Thousands of support staff across Wales believe schools should remain closed until September
Thousands of support staff across Wales believe opening schools later this month is too soon, according to the results of a trade union survey
Over 70% of almost 4,000 workers who responded to UNISON’s questionnaire voiced concerns about the Welsh Government’s plans to restart education on June 29th, expressing a preference for the date to be moved to September instead.
The top concern raised by the workforce, which includes teaching assistants, cooks, cleaners, administrative staff and caretakers, centred around the challenge of ensuring social distancing is observed
The 3,780 responses were received over a six-day period and included feedback from staff in each of the 22 local authority areas in Wales, which the union said demonstrated the strength of feeling over the issue.
However, Welsh Health Minister Vaughan Gething stressed yesterday the government would not change its plans.
UNISON said staff were keen to welcome pupils back as soon as is safely possible, but have serious reservations over the practicalities of reopening.
Jonathan Lewis, the union’s schools forum chair, said: “The engagement in this survey shows the strength of feeling and concern amongst school support staff.
“To receive almost 4,000 responses in such a short period of time is remarkable and these voices must not be ignored.
“The overwhelming majority of teaching assistants, cooks, cleaners, caretakers, and the many other workers who make up the education team believe 29 June is too soon to open schools.
“To add to this, 60 percent of respondents feel there are not adequate numbers of cleaning staff to fulfil the huge responsibility of maintaining high cleaning standards across schools.
“The safety of our communities is paramount, as is instilling confidence amongst pupils, parents and the workforce.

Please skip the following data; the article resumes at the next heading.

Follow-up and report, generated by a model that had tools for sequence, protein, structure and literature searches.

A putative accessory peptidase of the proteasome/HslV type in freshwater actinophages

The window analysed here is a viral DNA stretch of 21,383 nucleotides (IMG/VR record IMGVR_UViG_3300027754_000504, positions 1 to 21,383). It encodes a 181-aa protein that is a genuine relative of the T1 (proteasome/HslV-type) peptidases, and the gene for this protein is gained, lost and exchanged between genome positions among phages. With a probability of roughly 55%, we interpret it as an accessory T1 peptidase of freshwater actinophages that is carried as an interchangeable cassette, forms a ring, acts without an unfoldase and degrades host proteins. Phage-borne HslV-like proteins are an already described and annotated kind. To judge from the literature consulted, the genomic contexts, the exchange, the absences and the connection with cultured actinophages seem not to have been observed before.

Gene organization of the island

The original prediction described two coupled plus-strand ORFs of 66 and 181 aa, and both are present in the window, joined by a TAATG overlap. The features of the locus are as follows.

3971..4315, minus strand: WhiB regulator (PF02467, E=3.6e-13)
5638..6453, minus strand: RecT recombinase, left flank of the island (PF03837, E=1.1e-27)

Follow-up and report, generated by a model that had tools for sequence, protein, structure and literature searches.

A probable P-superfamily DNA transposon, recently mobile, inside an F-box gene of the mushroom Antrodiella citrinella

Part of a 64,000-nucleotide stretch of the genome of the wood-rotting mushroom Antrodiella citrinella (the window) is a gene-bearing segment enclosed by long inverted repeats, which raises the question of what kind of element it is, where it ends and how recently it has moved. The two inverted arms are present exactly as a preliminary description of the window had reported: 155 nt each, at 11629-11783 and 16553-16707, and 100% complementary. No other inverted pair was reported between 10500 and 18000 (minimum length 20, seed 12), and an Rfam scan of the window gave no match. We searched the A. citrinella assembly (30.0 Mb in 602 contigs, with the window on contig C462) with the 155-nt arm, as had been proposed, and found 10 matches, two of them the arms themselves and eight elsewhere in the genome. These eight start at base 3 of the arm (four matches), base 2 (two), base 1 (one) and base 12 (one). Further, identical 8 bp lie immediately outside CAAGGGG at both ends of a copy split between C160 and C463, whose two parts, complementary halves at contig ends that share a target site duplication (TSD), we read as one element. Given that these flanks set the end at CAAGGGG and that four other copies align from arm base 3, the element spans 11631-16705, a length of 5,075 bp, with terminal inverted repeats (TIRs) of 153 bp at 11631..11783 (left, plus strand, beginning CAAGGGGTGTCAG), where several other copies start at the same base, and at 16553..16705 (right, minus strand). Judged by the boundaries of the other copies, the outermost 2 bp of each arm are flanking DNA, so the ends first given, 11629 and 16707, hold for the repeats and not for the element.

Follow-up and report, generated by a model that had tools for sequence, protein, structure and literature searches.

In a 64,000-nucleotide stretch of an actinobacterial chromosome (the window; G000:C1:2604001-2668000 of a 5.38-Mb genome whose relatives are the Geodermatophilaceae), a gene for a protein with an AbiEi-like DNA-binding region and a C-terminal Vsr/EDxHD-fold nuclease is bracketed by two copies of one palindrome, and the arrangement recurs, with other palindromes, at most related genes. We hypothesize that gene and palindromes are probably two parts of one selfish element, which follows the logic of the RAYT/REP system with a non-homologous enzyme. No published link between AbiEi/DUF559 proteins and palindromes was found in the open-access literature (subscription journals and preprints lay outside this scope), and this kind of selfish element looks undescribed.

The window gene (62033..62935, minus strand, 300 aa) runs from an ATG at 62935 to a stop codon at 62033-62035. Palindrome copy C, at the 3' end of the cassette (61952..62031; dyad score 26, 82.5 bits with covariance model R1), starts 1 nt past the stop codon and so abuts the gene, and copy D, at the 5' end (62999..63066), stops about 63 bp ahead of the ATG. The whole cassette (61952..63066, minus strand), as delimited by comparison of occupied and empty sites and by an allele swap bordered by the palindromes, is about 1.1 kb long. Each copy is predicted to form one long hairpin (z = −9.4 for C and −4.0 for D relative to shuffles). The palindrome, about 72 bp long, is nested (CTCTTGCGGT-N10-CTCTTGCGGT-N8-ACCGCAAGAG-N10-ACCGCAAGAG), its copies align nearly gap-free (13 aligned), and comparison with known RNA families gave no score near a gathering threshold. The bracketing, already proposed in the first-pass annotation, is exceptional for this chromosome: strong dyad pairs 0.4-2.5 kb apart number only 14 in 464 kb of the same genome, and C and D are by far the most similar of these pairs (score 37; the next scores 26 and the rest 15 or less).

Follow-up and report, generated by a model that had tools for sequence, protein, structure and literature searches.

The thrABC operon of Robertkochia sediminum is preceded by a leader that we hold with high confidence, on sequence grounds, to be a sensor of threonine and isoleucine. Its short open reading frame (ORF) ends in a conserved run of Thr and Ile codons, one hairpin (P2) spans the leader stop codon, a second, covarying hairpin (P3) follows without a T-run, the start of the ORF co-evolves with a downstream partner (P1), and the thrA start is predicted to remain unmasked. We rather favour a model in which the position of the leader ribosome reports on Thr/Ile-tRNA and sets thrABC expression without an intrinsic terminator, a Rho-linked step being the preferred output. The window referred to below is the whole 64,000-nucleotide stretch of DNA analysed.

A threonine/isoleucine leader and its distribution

“These results demonstrate that confidence is simply not there at the moment and there is a lot of work to do to address these concerns in a very short period of time.”
When questioned on the survey results at today’s daily government press briefing, Mr Gething said he did not believe reopening schools would place staff in harm’s way.
In his response, he pointed to the risks taken by health and social care workers during the pandemic, claiming those in education would be safer.
“I think it’s really important we listen to the concerns of people who are already in work as well as those being asked to return to work.
“There have been lots of Unison, GMB and Unite members working as school support staff right across Wales and our education hubs, right through the height of the pandemic.
“We know that they’ve been at much lesser risk than other areas of activity, for example, people working in social care and health care.
“Understandably, there are different risks that they run even with appropriate PPE, so we’re certainly doing nothing to have unacceptable risk.”
He went on to highlight the harm caused to children due to being out of education for so long.
Mr Gething said: “We’re not asking staff to go and put themselves at risk in a way that you or I wouldn’t accept for the way that we do our jobs.
“But we do need to balance the interests of all those children who are not in school at present and a broader school programme across each of the schools we have will see more of the children we’re most concerned about able to return.
“In the conversations with education unions, I think there is an understanding that there is harm being caused to children’s future prospects by not being able to see more education activity restart.”
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